Francis Ampofo's record never showed just how good he was but it's time to remember his story.

Ampofo, who was born on June, 5, 1967 in Kumasi, the capital city of the Ashanti region in southern Ghana and emigrated to the Bethnal Green area as a youngster. He gravitated to the Lion Club in Pitfield Street, Hoxton and to its boxing section in particular.

Overall he did not have a distinguished amateur career, but he did reach the English flyweight semi-finals of the ABA championships in 1989, where he was outpointed by the legendary John Lyon (Greenall St Helens), who at that stage of his career had won seven national Senior ABA titles.

Lyon went on to win the flyweight crown again that year. His final national title tally recorded four light-flyweight crowns and four flyweight championship triumphs.

Lyon still holds the record for the most male ABA Senior title successes in the history of amateur boxing in these islands.

Ampofo decided to join the professional ranks with Barry Hearn’s Matchroom organisation and made his debut in January 1990 at the York Hall, Bethnal Green, outpointing Neil Parry in a six rounder.

There was a very good crop of British flyweights around in those days and in his next contest in March 1990, Ampofo lost on points to Welsh prospect Robbie Regan in another six rounder, again at the York Hall.

Five contests later, in September 1991, he was British flyweight champion. Robbie Regan was stopped in the eleventh round of a scheduled twelve, due to a bad cut over the left eye (requiring 30 stitches) following a clash of heads.

Three months later, Regan won his title back with a relatively comfortable 118-116.5 points success over Ampofo. At this point it is worth pointing out that in his 28-fight paid career, Ampofo participated in 16 title contests of one description or another; a truly fantastic number and one I have been unable to find a match for with any degree of certainty for a British boxer of his weight.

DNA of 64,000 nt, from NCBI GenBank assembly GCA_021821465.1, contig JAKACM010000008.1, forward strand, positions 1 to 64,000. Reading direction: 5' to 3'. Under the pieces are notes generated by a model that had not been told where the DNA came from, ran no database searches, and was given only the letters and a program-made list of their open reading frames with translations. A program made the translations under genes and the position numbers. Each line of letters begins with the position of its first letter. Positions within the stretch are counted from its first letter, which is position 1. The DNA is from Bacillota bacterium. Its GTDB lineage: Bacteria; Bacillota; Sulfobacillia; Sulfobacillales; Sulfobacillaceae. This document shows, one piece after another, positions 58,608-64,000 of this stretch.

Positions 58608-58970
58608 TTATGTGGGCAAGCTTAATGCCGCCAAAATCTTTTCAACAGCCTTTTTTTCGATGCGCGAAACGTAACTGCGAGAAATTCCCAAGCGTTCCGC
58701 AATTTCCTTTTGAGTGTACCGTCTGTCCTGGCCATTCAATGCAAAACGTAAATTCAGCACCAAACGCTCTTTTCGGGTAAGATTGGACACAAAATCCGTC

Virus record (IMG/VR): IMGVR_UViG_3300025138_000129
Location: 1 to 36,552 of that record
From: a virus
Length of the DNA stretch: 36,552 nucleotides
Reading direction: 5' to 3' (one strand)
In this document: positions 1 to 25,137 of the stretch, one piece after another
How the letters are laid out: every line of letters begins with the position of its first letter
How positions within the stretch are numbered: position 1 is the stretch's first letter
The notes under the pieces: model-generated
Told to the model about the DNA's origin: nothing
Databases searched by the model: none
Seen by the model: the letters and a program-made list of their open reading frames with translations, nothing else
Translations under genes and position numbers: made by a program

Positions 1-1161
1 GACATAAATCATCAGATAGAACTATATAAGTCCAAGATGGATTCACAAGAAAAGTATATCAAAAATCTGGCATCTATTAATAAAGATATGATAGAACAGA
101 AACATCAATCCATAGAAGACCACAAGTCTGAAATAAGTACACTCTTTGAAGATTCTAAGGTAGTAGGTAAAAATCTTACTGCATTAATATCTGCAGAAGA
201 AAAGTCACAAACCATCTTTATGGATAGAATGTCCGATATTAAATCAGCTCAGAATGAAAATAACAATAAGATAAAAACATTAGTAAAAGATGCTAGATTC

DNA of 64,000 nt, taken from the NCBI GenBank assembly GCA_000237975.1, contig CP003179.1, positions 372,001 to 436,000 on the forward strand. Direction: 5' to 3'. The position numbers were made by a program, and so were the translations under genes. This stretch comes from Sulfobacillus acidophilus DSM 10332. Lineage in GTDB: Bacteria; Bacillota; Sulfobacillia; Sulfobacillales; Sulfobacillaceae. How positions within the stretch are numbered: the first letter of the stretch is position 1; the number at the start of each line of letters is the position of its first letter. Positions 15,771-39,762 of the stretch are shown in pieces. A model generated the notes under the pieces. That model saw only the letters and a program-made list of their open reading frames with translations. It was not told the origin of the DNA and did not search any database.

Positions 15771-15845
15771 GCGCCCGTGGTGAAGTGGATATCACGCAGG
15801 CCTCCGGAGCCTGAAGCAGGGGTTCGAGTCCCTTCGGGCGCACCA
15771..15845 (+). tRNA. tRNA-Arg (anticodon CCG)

Three contests later, Ampofo was British flyweight champion once more, comfortably outpointing Scotland’s James Drummond 118.5 –116 to win the vacant belt in December 1992 in Grosvenor House, Mayfair.

The vacant Commonwealth flyweight crown was acquired in June 1993 and a year later in June 1994, Francis met South African Jake Matlala for the latter’s WBO crown at the York Hall.

Ampofo retired in the ninth round of a scheduled twelve rounder, with the champion clearly in the ascendancy.

Ampofo was short of stature at a mere 5 feet 1.5 inches tall. Matlala, a mere 4ft 10, is still the shortest world champion on record.

Then the British title was retained with a stoppage victory over Drummond (cut left eyebrow) in the third round and Darren Fifield was halted in two rounds as the British and Commonwealth belts were retained.

In March 1996, South African Daniel Ward took Ampofo’s Commonwealth title with a twelfth and final round knockout and title distress continued in April 1997 when Vince Feeney outpointed Francis for the vacant Southern Area bantamweight championship.

Worse was to follow in October 1997 when Merseysider Paul Lloyd squeezed home via a 118-117.5 points verdict over Ampofo for the Commonwealth belt and the vacant British bantamweight crown.

Ampofo’s last title success came in January 1999 when he won the very lightly regarded IBO Inter-Continental bantamweight title with a ninth round stoppage of Scotland’ Shaun Anderson in Glasgow. Thereafter it was all downhill with five championship losses on the spin.

There were points losses to Noel Wilders and then Ady Lewis for the vacant British bantamweight crown and the vacant British and Commonwealth bantamweight titles respectively.

Then came a three points losses in WBU bantamweight clashes at the hands of Johnny Armour, all close bouts all of which went in the favour of the Chatham man.

First Armour won a unanimous points contest; then a points win which would have been regarded as a majority draw in every other governing body’s championship code except the WBU which awarded the win to Armour.

Their third and final encounter in September 2002 also went to Armour, this time by a majority decision - two scores of 115-111 to him and a tied 113-113. So Ampofo went into retirement with a final ring tally of 17 victories (12 inside) and 11 losses (two inside), campaigning for around twelve years.

Overall his final ring record probably did not really do him full justice, but he was both British and Commonwealth champion twice and that's a great achievement in any fighter’s book. He held the British flyweight crown between 1991 and 1994 and the Commonwealth flyweight honours between 1993 and 1995.